Chris is staring out the window looking for the limo Elizabeth Gaines has promised to send, and Dana comes in to make fun of him. Instead, the two bond over how their parents aren’t fighting anymore. Then Jess and Brody come out, all spankingly dressed and formal, and Dana says one of her better lines: “I swear to God, I must be adopted.” Brody and Jess head over to the party, where Saul and Mira are also chewing the fat with Gaines. “Do us a favor. Stay put this year?” Elizabeth tells Mira, who promptly leaves (she’s very touchy, this woman). When Brody and his wife enter the room, Saul deduces that Elizabeth has a plan. “I have a plan for everyone. You know that,” she tells him (master manipulator alert).
Later at the party, Brody is tipsily regaling crowds with tales of his war bravery (they tried to capture the gold statue of Saddam, but it had already been replaced with a Mr. Potato Head), and Jess is slightly alarmed at all the lovebombing going on (the wife of the head of the DNC practically jumped her). “You were asking what Brody’s being groomed for?” Elizabeth tells Saul. She leads him into the study, where a news broadcast announces that the representative from Virginia’s eighth district has been caught sexting congressional interns (bonus point for the photos, Weineresque in their cringeworthiness). Said rep, Richard Johnson, claims it’s a setup and he won’t resign. (In case you missed the Weiner/Dick parallels, Jess makes sure to emphasize the irony of a sexting politician whose name is a slang term for “penis” several times in the car on the way home.) But we all know Gaines has other plans. “I have an idea who might replace him,” she tells Saul.
Carrie’s over at the Walker house, and for once, she’s actually sleeping. In the middle of the night, the phone rings, and Helen answers it, but she sneaks outside so nobody can hear her. Nobody apart from Galvez, that is, who’s monitoring the CIA wiretap. He alerts Saul, who’s sitting on the floor watching his wife sleep, Brody-style, and Carrie, who rushes around the house, only she can’t find Helen. “I need you to know that I never gave up on you; I never lost
hope,” Helen tells the mystery caller. Just as the tap traces Walker to Mount Olivet Road in Northeast DC (yes, it’s a real address), Helen suddenly alerts her errant ex-husband, telling him they’re tracing the call and he has to run. Walker does, but he’s chased by an FBI agent, whom Walker beats and steals his gun. Carrie and Galvez try to control the chase via phone, but they can’t, and guess what? Walker leads the agents into Mount Olivet Mosque (not a real place), and they shoot and kill two innocent Muslims who were there for early morning prayers. And Walker rushes over to “Wicker Storage” where he picks up what was left for him—his brand new sniper rifle.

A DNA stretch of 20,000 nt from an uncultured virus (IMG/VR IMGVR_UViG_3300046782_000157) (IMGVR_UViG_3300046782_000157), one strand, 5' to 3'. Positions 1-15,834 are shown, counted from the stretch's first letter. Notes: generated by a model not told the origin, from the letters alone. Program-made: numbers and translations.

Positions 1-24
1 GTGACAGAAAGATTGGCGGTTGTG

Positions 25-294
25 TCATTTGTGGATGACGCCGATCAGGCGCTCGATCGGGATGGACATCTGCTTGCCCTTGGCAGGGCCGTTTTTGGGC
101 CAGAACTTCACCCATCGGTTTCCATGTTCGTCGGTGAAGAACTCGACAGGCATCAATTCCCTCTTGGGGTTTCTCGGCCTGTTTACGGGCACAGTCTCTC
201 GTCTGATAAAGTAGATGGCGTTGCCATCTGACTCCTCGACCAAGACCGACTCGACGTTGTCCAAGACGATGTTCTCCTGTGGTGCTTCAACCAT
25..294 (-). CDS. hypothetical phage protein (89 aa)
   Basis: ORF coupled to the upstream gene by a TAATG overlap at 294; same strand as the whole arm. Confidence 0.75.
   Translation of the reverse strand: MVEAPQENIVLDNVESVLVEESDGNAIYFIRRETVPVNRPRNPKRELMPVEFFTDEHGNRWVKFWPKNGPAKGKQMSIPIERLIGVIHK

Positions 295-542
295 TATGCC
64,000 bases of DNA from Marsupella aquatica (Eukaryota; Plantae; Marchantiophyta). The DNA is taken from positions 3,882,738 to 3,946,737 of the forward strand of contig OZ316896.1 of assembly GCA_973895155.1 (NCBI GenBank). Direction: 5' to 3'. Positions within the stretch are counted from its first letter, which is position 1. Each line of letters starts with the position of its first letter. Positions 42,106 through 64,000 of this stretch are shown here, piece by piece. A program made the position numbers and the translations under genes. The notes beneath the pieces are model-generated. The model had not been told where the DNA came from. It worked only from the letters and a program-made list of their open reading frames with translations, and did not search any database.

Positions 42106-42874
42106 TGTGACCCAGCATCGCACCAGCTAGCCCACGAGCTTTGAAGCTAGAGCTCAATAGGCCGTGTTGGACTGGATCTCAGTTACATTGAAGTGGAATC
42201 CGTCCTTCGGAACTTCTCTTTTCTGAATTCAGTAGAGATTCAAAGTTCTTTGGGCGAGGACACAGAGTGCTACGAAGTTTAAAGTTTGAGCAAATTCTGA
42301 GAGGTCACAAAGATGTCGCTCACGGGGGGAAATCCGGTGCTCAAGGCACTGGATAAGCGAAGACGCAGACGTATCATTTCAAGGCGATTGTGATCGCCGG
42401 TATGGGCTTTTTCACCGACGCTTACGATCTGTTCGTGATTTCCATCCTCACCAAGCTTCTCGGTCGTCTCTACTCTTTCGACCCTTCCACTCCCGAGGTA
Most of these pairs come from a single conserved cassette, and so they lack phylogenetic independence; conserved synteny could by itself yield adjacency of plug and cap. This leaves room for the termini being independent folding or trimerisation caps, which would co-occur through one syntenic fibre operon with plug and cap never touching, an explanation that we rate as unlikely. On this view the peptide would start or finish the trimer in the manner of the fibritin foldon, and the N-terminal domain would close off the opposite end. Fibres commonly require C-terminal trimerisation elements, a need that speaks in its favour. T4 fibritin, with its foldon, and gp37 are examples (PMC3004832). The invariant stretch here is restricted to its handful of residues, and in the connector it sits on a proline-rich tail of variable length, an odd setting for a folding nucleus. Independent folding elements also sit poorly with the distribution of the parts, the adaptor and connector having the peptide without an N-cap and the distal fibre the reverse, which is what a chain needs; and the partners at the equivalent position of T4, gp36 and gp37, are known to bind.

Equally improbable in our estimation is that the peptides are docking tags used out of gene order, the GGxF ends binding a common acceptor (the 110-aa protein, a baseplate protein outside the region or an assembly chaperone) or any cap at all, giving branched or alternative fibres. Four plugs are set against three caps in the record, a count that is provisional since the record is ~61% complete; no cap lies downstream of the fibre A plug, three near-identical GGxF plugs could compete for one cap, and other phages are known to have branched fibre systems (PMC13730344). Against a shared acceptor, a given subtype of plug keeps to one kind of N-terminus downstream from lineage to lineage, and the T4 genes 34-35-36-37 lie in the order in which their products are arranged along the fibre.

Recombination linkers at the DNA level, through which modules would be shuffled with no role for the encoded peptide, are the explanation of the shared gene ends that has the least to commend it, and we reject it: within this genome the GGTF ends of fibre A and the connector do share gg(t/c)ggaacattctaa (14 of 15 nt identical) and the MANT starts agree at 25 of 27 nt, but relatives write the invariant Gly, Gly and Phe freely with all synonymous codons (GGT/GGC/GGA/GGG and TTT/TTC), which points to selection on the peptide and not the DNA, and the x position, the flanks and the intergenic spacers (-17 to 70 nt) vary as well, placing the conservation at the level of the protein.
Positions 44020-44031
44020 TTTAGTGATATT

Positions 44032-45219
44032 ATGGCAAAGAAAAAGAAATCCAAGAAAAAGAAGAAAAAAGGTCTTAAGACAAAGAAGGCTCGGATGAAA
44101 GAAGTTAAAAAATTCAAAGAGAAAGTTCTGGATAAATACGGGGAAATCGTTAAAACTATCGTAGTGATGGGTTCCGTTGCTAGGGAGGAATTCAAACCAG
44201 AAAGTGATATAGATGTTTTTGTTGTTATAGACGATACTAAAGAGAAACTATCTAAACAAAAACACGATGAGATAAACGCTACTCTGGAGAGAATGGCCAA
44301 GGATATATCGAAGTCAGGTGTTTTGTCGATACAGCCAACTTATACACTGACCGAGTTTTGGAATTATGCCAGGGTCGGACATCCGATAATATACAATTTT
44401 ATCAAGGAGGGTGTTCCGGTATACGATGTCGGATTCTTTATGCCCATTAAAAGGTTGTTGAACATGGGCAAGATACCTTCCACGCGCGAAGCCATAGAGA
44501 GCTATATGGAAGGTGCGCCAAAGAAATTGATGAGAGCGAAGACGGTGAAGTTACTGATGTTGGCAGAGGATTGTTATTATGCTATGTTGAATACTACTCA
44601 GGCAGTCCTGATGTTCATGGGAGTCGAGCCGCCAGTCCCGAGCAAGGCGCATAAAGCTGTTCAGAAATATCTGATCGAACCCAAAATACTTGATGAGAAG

“This is a nightmare,” Estes says, which is kind of an understatement. The Muslim community is furious. Special Agent Hall wants to release Walker’s information to the public, announcing him as a potential terrorist threat. Estes, who is morphing more and more into Cedric Daniels every time I see him, agrees that they should, which, of course, prompts thousands of sightings, not a single one of them credible. Carrie runs over to Brody’s house at dawn, which is obviously a terrible decision. She tells him Walker is alive, and she couldn’t tell him before because it was classified, but now that they’re going public with the hunt, she thought he should know. “I did not betray you to anyone. Don’t hate me,” she tells him. “I don’t hate you,” he replies, sneeringly. “You just did your job.” This lovers’ tiff is interrupted by Jess, who comes out in a blue bathrobe. Awkward.
After the botched night raid, Saul hurries home to Mira, whom he’d promised to take to the airport. But he’s too late—she’s getting in a cab. “It hit me that there hasn’t been one day since I’ve been home that you were there in the night and there in the morning,” she tells him. His reply is sad: “It’s my weakness. My Achilles heel. Every time they call me, I go.” Later, at the CIA, Saul and Carrie are sitting in his office, both exhausted, both heartbroken. “I had an epiphany today,” Carrie tells him. “I’m going to be alone my whole life, aren’t I?” Saul is silent.
The mysterious Saudi with the diplomat plates arrives home and fiddles with his burglar alarm for a bit before deducing that someone’s in the house. He creeps into the den, where the TV is blaring Walker news, and sees boots on the couch. And guess what? It’s . . . not Walker. It’s Brody, who’s furious. “You people told me he was dead!” Brody shouts, before getting the Saudi into a chokehold. “I’m through talking to Nazir,” Brody says. “Tell him it’s over.”
So. Here is what we know. Brody’s marriage is not over. Brody is still possibly a very bad man who may or may not have been working with Abu Nazir on his own secret plot to destroy America. Brody is also being groomed to run for public office by some Democrat lady who has no idea what she’s in for (think sexting is a scandal, Elizabeth? Just wait till your honorable representative blows up Congress). Carrie and Saul are sad. And Tom Walker is on the run from the feds with a sniper rifle, which is probably not a good thing.
What were your thoughts on last night’s episode? Let us know in the comments.